The main purpose of this ongoing blog will be to track planetary extreme, or record temperatures related to climate change. Any reports I see of ETs will be listed below the main topic of the day. I’ll refer to extreme or record temperatures as ETs (not extraterrestrials).😉
Main Topic: “Weird” U.S. Weather That Can Be Blamed on the Jet
Dear Diary. The weather this month has been anything but “June like” for the United States and Canada. As I’ve stated over and over again, this can be blamed on a jet stream that has meandered very far north into Canada with a lot of amplification across the North American continent. Another highly amplified pattern will occur this week with yet more heat building in Ontario and Quebec. As discussed yesterday, a weak upper-level low will get stuck over the Southeast, which could produce historic amounts of flooding rain in localized areas:
You can Google the work by Dr. Michael Mann and Dr. Jennifer Francis to see why this weather pattern looks suspiciously like what is predicted by them concerning a climate changed polar vortex.
Here is yet another article pointing to climate change for this “weird” weather…but only at the end of the article, a changing jet stream due to carbon pollution being a “controversial idea:”
U.S. weather is weird, wild and extreme. Here’s why.
Severe storms are ravaging the South while the coasts are cool and smoke spills south from Canada. Blame the jet stream.
Analysis by Matthew Cappucci Meteorologist
June 16, 2023
Damage from an overnight tornado that has reportedly killed at least three people and injured dozens of others in Perryton, Tex. (Booker Fire Department/Handout/EPA-EFE/Shutterstock)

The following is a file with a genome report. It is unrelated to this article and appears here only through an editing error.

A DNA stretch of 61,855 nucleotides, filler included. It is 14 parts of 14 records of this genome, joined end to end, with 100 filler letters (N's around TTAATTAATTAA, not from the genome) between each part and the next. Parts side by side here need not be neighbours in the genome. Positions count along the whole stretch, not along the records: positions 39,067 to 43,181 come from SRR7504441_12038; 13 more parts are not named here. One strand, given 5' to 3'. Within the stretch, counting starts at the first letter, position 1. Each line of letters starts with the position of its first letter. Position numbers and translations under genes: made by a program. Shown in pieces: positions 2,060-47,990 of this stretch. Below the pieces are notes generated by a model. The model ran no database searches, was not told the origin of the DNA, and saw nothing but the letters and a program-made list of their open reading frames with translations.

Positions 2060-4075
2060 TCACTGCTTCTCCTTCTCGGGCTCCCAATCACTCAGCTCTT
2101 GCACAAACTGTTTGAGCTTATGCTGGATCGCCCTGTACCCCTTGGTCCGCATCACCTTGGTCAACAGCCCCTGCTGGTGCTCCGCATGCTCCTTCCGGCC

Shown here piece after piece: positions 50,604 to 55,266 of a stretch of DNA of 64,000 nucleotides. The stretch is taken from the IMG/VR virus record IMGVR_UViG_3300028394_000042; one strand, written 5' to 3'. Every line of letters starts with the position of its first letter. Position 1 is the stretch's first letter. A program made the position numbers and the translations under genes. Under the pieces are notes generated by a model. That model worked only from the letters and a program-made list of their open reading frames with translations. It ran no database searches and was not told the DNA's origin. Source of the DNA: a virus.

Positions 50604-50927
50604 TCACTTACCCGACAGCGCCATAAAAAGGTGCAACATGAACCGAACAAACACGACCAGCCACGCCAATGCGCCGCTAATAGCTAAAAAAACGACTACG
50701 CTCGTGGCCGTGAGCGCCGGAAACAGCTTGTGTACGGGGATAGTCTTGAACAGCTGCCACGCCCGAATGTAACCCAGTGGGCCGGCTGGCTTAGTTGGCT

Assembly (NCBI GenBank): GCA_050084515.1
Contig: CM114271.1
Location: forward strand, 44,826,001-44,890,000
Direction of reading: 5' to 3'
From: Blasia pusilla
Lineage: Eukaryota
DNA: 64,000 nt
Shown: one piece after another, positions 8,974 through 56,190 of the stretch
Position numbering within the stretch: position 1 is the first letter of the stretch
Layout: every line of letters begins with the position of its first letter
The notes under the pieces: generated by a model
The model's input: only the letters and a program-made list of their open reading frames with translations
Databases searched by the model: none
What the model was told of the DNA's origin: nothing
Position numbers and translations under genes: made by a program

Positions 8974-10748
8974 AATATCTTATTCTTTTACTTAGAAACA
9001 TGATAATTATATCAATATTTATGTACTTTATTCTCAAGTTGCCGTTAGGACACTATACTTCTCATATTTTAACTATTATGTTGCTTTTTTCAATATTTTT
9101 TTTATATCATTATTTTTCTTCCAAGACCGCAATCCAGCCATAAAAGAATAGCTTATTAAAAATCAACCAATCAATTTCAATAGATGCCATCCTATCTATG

An outbreak of severe storms, including deadly tornadoes, hail bigger than DVDs and life-threatening flooding, has ravaged the South, coming amid a month of wild weather across North America. Texas is baking beneath heat indexes as high as 120 degrees, the coasts are cool and mostly calm and Canadian wildfire smoke is suffocating much of the northern U.S.
If it seems the weather has been a little bit “off” since the calendar flipped to June, you’re not imagining it — things have been downright weird.
It’s all linked to a bizarre jet stream pattern, which is displacing air masses from their typical positions and disrupting the movement of weather systems across the continent.
Though there may be some connection to an emerging El Niño pattern, make no mistake — much of what’s going on is pure chaotic randomness. It just so happens, however, that randomness can sometimes deliver extreme results.
The weird jet stream
The jet stream pattern shown by the American model — valid Thursday night — shows the northern branch of the jet bulging north over central Canadian forming a heat dome while the southern branch zips over the southern United States, energizing storms. (TropicalTidBits.com)